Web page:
“The Boomerang Bags initiative offered the warriors a tangible alternative to plastic bags, and Solution Fluency a framework in which to do so,” Chelsea recalls. “The international initiative had not yet reached Territorian soil so we were all very excited to make our mark on the map.”

How do we plot a

path to success?

The Eco-Warriors team worked with the Eco-Committee members and also the community at large, which involved sending request letters to collect everything they needed. The students produced a number of unique and creative prototype designs that went into construction.

They used recycled materials for their bags, and spent time deciding on the best screen printing colours and designing creative poster ideas. In addition to this, they found they weren’t alone in their quest to make a difference—others were just as keen on lending a hand as well.

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“A team of hard working Super Mums and community members jumped on board to bring the dream to fruition,” says Chelsea.  In addition to parental and community support, the local Chief Minister and other stakeholders pitched in to realize the Eco-Warriors’ vision.

Of course, Chelsea was amazed and excited with the results the students produced. “The initial goal was 300 bags, and bang—the goods were manifested and distributed in local businesses. To this date our collective have made 1,500 bags and growing.”

How do we measure

growth and progress?

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  • Students are taking ownership of their learning in creative ways.
  • Higher-order thinking processes are stimulated using the Fluencies as learning processes.
  • There is a boost in confidence and participation in learning.
  • There is a significant improvement in achievement and attitude.
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  • Teachers have the freedom to be more creative with their teaching.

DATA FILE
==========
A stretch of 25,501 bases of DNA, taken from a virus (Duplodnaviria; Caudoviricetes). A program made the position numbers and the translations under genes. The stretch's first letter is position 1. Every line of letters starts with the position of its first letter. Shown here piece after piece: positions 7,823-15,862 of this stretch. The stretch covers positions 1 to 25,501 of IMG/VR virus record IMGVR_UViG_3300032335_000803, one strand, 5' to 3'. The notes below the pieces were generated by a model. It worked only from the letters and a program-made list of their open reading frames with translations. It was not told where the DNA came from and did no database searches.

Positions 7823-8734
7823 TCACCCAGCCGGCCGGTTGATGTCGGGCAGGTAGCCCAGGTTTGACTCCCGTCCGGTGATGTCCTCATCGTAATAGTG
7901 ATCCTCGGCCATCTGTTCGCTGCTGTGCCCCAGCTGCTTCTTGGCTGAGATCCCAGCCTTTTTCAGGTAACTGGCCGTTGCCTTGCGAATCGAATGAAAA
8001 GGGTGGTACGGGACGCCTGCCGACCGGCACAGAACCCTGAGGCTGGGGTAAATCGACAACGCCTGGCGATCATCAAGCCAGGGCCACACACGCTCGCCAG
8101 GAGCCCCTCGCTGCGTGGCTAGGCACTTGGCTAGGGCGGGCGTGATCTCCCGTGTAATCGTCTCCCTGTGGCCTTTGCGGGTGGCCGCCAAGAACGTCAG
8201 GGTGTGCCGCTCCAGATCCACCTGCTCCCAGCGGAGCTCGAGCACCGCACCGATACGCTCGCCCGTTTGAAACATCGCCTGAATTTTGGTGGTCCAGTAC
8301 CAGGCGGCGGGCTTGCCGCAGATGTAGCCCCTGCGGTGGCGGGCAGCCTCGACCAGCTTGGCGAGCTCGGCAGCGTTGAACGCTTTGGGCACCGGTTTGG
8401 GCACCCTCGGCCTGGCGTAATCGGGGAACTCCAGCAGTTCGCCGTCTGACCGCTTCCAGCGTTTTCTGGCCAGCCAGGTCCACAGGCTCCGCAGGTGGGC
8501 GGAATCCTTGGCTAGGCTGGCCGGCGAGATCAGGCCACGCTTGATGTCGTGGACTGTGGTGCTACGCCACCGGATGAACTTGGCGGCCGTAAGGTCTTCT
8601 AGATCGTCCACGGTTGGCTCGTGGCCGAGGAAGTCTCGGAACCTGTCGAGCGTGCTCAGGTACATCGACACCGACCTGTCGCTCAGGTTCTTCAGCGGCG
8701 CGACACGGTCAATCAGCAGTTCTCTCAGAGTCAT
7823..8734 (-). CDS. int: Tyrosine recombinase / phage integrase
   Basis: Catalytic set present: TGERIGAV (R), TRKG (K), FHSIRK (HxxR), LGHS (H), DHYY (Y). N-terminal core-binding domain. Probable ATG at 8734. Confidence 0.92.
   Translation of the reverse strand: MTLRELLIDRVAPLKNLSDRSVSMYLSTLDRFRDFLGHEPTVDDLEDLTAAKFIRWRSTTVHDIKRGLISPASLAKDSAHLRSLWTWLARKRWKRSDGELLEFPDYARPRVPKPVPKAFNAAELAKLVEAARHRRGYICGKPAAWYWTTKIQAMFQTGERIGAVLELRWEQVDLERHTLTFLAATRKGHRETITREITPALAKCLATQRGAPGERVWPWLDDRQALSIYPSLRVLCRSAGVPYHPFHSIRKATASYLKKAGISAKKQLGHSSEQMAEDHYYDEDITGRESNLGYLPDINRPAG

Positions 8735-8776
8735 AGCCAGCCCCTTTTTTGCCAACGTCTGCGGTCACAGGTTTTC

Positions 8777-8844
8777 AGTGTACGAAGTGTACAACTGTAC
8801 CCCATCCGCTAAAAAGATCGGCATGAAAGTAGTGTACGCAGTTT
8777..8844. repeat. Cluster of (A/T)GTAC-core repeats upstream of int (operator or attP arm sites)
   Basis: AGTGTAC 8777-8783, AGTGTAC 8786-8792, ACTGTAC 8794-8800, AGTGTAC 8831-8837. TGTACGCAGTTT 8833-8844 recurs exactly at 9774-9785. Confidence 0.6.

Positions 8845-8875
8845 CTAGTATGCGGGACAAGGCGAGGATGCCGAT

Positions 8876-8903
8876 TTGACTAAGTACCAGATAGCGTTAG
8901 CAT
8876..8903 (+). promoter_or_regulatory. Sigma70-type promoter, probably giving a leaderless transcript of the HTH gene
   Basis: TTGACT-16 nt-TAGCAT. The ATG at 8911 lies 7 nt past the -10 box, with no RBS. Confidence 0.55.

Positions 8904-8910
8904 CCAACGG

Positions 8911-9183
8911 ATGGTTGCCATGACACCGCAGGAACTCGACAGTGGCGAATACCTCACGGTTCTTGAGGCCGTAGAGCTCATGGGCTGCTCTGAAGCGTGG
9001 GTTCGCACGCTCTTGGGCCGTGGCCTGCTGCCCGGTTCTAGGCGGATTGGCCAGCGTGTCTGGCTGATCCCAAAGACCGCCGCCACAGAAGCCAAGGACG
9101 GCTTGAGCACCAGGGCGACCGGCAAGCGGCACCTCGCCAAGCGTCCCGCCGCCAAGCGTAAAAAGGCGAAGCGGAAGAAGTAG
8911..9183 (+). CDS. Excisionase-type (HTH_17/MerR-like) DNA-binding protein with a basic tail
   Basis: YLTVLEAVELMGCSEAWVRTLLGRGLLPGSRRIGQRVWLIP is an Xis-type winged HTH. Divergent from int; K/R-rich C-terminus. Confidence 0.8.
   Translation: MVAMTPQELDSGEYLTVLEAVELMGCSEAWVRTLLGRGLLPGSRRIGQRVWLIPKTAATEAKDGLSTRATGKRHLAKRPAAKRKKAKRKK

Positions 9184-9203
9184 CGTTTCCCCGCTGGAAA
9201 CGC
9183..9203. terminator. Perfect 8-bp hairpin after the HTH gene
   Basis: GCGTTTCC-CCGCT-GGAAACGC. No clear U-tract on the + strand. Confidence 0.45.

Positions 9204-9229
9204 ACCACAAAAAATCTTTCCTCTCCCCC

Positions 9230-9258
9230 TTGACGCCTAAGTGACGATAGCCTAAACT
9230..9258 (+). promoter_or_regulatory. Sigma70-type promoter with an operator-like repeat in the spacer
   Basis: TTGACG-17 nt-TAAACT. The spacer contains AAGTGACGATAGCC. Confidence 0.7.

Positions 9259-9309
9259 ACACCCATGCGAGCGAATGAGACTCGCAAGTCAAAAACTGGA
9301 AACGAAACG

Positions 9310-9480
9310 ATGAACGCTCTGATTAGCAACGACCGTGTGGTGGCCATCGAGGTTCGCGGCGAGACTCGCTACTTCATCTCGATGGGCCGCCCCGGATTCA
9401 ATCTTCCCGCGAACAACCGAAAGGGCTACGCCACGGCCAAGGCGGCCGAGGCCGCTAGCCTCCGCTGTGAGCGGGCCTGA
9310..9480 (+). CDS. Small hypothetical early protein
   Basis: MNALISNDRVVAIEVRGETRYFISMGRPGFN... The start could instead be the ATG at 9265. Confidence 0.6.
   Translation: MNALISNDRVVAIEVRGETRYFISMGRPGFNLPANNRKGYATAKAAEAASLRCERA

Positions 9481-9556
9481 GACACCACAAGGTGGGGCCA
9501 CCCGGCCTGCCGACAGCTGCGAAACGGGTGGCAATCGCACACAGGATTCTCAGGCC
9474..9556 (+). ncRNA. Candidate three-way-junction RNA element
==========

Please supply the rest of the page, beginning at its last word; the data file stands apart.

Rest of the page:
• Instruction is no longer so linear for teachers and students.
  • They can facilitate lessons in ways that inspire themselves and their learners.
  • The Fluencies offer tools to help fine-tune instruction, assessment, and feedback.
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  • Staff have been given more autonomy through their professional judgment.
  • Learning is more fluid, organic, and more enriching as a result.
  • The Fluencies provide a pedagogical approach that puts children at the center of the learning.
  • Students, parents, teachers, and other community members are all working together toward shared goals.

How do we continue to

improve and excel?

Looking back, Chelsea is still uplifted by the response to the Boomerang Bags project taken on by Parap Primary’s intrepid Eco-Warriors. “The students, parents, and community members dedicated tireless hours to grow the dream,” she says. “It’s a project that keeps on giving.”

So what’s on the horizon for Chelsea and her students? Finding more and more ways to change the world, and having some fun in the process. Her plan is to continue exploring how the Essential Fluencies can enhance learning for both her and her students.

“We are still in an infancy stage of the journey—that being said, I think we are doing pretty darn well. The teachers that have embraced this Fluencies model are excited, passionate and giving their all,” says Chelsea. “I look forward to growing and learning more about my students and myself through the Fluencies.”